Gazetteer of the State of Maine With Numerous Illustrations, by Geo. J. Varney
BOSTON: PUBLISHED BY B. B. RUSSELL, 57 CORNHILL. 1882. Public domain image from
168 GAZETTEER OF MAINE.
tative from 1845 to 1849. William Abbot, who settled in the town
in 1801, was a sound, able and honorable lawyer.. Dr. Joseph L.
Stevens was for many years the leading physician and a valued citizen.
Dr. G. A. Wheeler, author of the excellent history of Castine, has suc-
ceeded to his practice. Others highly esteemed are C. J. Abbot, Esq.,
Deacon Samuel Adams, William Witherle, a well-known merchant.
The town furnished 106 soldiers and 19 sailors for the Union in the
war of the Rebellion, of whom 18 soldiers were lost.
Rev. William Mason, the first minister of Castine, was ordained as
a Congregationalist, but became Unitarian ; and Castine has now one
of the two Unitarian churches in the county. There are now also
Congregationalist (Trinitarian) and Methodist churches in the village.
The church-edifices are fine buildings. A State Normal School was
opened here in 1873, with accommodations for 200 pupils. It is well
patronized. The schools of the village are graded, and a high-school
is sustained. The town has six schoolhouses, and the school property
is valued at $10,000. The valuation of real estates in 1870 was $461,-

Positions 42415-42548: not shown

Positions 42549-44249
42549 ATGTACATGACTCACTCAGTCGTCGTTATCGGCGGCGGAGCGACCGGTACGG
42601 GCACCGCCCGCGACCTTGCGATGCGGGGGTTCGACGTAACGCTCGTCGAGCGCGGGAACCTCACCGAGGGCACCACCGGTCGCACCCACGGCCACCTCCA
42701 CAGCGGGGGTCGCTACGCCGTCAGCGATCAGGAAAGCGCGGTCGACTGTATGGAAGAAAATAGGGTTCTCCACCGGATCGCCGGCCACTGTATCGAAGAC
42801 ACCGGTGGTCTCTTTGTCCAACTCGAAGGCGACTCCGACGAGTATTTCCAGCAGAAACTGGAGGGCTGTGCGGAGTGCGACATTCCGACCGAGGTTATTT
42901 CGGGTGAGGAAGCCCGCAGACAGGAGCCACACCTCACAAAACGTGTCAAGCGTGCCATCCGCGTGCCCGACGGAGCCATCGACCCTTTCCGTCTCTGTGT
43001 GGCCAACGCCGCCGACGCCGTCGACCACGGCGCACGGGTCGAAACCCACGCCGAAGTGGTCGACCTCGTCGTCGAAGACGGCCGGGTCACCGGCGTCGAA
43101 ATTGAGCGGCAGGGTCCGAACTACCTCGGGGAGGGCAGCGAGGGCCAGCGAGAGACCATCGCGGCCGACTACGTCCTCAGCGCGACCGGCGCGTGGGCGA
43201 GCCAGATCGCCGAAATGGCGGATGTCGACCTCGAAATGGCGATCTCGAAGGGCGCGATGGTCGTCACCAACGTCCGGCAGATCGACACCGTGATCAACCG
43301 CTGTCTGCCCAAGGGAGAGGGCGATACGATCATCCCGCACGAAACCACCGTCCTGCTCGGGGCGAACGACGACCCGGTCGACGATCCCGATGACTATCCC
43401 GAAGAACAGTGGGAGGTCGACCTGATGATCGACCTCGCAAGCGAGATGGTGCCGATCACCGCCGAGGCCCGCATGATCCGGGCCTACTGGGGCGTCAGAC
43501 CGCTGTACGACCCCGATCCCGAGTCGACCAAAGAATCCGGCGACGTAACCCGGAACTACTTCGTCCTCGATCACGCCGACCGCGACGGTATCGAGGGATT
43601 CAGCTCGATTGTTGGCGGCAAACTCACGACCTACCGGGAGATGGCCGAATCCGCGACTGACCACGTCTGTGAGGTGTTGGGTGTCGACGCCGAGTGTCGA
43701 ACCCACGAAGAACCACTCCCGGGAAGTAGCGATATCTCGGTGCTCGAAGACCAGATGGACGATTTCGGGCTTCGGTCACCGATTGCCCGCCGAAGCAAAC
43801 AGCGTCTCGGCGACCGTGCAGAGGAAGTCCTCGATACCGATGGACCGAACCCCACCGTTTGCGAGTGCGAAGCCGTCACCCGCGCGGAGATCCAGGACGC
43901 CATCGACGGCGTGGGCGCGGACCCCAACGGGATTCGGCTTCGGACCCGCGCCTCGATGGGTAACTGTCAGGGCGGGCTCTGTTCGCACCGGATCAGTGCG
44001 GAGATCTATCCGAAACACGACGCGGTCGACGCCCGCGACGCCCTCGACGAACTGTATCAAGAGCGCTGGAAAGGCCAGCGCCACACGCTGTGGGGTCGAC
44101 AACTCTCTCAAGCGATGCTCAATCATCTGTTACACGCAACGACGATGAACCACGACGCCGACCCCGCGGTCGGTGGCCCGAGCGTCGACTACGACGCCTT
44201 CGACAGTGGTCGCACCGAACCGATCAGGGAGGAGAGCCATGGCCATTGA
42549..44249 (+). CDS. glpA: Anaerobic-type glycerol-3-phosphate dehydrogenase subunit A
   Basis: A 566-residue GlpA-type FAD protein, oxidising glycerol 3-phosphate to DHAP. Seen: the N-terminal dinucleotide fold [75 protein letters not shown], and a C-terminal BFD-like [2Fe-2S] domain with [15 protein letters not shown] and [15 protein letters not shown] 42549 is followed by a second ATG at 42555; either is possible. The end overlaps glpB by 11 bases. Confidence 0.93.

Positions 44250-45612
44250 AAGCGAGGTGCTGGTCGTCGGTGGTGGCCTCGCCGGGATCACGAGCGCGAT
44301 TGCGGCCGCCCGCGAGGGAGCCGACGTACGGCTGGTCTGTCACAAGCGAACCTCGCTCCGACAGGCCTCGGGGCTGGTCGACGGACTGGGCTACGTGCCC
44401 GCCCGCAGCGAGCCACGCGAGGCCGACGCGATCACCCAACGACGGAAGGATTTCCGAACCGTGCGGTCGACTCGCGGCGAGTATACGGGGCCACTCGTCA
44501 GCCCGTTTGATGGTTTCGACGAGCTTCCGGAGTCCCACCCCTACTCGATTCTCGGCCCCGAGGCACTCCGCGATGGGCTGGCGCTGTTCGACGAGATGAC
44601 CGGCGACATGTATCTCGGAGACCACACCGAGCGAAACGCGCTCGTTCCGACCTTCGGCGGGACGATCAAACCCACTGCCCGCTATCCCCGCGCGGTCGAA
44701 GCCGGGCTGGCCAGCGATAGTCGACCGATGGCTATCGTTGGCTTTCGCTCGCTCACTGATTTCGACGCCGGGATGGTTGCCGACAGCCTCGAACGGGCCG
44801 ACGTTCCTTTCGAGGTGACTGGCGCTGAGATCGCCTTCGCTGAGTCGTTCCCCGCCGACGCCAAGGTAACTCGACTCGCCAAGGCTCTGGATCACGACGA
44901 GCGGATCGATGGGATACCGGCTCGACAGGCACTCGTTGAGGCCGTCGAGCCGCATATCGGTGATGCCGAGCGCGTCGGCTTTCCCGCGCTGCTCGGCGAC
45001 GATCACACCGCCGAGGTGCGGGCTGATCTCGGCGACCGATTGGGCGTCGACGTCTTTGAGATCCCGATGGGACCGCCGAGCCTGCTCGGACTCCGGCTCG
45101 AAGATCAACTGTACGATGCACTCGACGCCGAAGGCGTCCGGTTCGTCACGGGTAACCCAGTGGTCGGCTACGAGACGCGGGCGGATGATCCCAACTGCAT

343. In 1880 it was $362,754. The rate of taxation in the latter
year was $2.14 to $1,000. The population in 1870 was 1,303. In 1880
it was 1,215.
Castle Hill Plantation is situated near the middle of the
eastern part of Aroostook County, 55 miles north-west of Houlton.
It is on the stage-line from Presque Isle to Ashland. Its boundaries
are Wade Plantation on the north, Mapleton on the east, and Sheridan
Plantation on the west. On the south is the township containing
Haystack Mountain and Squawpan Lake. The township is without
high hills and large ponds. The highest land is near the middle of the
southern side. The surface is well drained ; the Aroostook River run-
ning eastward through the north-western part, receiving within the
town Wells Brook and several other streams from the south. Sawyer
and Libby brooks empty into Presque Isle Stream, in the southern
part of Mapleton, and others drain the southern and eastern parts.
The Universalists and the Baptists have societies in the town, and
sustain ministers a portion of the time. The plantation has six public
schoolhouses ; and the total school property is valued at $2,500. There
are six lots reserved for school and other public purposes. The valu-
ation in 1870 was $20,053. In 1880 it was $27,636. The population
in 1870 was 237. In 1880 it was 419.
CaSWell Plantation lies at the north-eastern angle of Aroos-
took Connty and of Maine, having New Brunswick for its eastern
boundary. The eastern line of tbe town is but two or three miles distant
from Grand Falls, on the St. John, from which point a railroad is pro-
jected to pass through the plantation to Caribou. The surface of the
township is very level, with a few very small ponds. The soil is a
deep reddish loam. Wheat, buckwheat, oats and potatoes yield well.
Maple, birch, spruce and fir constitute the bulk of the forests. The
Plantation has a saw-mill manufacturing 2,000 feet of long lumber a
This plantation was organized in 1878 as Pleasant Ridge Plan-
tation. In 1879 it was reorganized as Caswell Plantation, but it appears
on tbe maps under the former name. There is a Christian society in
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